I agree: the distinction between military commanders and political leaders - while sometimes a little blurred - is important. For the purposes of this article, perhaps the infobox should have a sub-section for each category. The current format (at the time of writing) is at least clear and concise, with only the political figureheads. It can be difficult to list all the CinCs and perhaps even other significant commanders - where would you draw the line? Adrian M. H. 15:36, 24 November 2006 (UTC)

I see a new user has just rather summarily shortened it, but we may need to change it again. :-) Thanks for your comments folks - I agree with Adrian M.H. and suggest we have two panel sub-sections, one entitled Political Leaders and the other Military Commanders. Under Military Commanders I propose we list 4 for the big participants (US, USSR, Germany, UK, Japan) and 1, 2 or 3 as appropriate for Italy, China (so far not mentioned but it should be - also in the political list) and perhaps the Free French and Free Polish. Latter two I am not overly troubled about as the infobox is obviously the quick big-picture overview. MarkThomas 17:00, 24 November 2006 (UTC)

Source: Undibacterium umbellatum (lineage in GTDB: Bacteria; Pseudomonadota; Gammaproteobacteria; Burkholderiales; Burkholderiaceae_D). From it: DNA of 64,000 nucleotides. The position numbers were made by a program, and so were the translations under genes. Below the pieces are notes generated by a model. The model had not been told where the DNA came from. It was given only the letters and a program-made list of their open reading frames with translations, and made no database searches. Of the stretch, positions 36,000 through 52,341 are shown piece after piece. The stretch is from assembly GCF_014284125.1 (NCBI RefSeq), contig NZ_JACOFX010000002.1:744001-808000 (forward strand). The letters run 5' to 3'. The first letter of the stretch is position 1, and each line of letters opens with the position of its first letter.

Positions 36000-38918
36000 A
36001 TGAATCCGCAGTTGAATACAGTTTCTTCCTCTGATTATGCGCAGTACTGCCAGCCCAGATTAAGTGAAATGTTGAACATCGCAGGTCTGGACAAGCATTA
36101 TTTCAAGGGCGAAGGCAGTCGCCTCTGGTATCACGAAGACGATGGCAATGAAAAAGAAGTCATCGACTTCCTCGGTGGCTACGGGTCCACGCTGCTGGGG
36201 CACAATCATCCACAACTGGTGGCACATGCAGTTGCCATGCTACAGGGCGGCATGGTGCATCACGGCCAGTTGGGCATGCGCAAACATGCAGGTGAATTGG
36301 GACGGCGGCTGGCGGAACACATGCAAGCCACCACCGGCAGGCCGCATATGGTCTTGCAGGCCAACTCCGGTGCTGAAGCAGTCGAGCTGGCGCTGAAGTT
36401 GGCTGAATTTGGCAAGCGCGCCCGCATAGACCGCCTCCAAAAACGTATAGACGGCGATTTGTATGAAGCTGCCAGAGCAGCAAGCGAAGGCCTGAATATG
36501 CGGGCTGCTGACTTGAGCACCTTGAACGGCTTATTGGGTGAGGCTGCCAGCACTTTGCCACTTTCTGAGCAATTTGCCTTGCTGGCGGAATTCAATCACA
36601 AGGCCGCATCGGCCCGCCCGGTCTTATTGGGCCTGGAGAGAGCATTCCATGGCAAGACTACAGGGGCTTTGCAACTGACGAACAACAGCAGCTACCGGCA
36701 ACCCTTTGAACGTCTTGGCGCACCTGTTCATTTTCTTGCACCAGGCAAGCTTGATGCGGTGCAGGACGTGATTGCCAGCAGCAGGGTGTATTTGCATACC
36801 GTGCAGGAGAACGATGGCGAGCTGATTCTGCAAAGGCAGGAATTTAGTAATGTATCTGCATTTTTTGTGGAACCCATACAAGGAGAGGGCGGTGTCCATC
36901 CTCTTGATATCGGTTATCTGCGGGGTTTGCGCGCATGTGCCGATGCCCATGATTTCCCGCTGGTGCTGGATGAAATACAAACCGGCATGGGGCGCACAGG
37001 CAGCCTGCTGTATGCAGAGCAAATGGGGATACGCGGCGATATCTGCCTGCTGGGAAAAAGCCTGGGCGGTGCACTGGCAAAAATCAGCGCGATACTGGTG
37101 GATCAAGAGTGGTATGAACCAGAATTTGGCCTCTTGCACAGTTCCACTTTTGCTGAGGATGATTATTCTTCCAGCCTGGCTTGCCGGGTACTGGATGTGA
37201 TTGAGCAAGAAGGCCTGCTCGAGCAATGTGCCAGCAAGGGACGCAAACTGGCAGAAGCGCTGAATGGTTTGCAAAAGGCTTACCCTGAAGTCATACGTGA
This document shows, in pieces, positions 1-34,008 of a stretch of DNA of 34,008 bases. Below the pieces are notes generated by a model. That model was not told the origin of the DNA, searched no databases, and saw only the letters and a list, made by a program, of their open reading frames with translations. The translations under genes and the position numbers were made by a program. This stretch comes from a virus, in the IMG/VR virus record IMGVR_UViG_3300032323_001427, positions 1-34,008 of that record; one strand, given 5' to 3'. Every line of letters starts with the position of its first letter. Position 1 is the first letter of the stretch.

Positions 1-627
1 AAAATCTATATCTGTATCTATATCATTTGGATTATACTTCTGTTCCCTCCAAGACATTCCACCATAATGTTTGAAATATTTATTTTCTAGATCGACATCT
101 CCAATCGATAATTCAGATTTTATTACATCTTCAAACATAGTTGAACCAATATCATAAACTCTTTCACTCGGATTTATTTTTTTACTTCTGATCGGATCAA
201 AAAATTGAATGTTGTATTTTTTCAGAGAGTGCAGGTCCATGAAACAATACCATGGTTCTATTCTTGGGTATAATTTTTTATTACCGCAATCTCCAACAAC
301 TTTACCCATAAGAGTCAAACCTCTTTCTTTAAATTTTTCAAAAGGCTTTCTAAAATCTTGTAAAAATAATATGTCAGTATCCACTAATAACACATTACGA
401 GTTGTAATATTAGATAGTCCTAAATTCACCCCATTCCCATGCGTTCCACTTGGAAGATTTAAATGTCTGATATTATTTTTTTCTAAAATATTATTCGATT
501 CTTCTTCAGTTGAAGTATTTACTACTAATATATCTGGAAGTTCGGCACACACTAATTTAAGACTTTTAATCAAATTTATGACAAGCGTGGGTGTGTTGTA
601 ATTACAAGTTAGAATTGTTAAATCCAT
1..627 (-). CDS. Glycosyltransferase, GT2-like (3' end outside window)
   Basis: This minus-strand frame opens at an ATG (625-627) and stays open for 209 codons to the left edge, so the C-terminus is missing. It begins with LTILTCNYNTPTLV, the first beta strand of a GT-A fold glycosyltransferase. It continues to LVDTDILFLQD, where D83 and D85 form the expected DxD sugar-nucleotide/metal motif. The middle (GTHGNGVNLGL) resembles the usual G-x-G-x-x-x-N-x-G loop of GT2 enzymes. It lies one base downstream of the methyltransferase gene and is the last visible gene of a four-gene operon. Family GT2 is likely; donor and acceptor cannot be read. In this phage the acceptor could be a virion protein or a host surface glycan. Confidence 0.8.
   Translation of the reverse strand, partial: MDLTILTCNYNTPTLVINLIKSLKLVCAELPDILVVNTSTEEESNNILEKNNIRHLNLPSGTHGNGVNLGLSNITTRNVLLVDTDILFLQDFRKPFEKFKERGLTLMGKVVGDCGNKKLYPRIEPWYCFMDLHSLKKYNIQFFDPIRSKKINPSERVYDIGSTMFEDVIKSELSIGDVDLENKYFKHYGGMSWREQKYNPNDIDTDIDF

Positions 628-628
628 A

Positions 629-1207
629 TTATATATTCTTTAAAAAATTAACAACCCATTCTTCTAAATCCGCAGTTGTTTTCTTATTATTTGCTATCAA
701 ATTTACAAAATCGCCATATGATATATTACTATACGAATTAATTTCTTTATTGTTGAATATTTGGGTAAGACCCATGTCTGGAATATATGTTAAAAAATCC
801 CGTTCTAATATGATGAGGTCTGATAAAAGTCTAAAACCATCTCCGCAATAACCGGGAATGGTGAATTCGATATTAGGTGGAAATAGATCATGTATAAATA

OK, after thinking this over some more, here's the list of Military Commanders I am now proposing (more for "bigger" powers than for others):

Military Commanders

UK Alan Brooke, Bernard Montgomery, Charles Portal, Harold Alexander

USA George Marshall, Dwight D Eisenhower, Chester Nimitz, George Patton, Carl Spaatz

USSR Georgy Zhukov, Konstantin Rokossovsky, Nikita Kruschev, Nikolai Vatutin, Ivan Konev

Poland Władysław Sikorski, Tadeusz Bór-Komorowski

France Charles de Gaulle, Maurice Gamelin

Germany Wilhelm Keitel, Alfred Jodl, Walter Model, Hermann Goering, Karl Dönitz

Italy Pietro Badoglio, Ugo Cavallero

Japan Osami Nagano, Chuichi Nagumo, Hajime Sugiyama, Iwane Matsui, Jiro Minami

China Chiang Kai-shek, Mao Zedong, Yan Xishan

MarkThomas 17:29, 24 November 2006 (UTC)

I would be fine with you adding this information to somewhere else in the article, but the infobox is meant to be a short summary. There is room for about three commanders per side before it gets too big. DJ Clayworth 18:45, 24 November 2006 (UTC) (P.S. Kruschev was a Lieutenant-General; a pretty junior rank compared with the others here).
The Military Conflict Infobox is designed to be a quick and dirty way to get some basic information about a war. I agree with DJ. All of this information is great, but it belongs in the article or in a sub-article, and not in the infobox. Haber 05:52, 27 November 2006 (UTC)

Not sure where to put it - I guess my concern is that the current chronological structure of the page tends to militate against having this type of background generic information. Could it be in the big information panel at the bottom of the page? Or in a separate page called "Commanders of World War Two"? Not sure which is best but I do feel kind of impelled that we need this info. :-) MarkThomas 22:51, 27 November 2006 (UTC)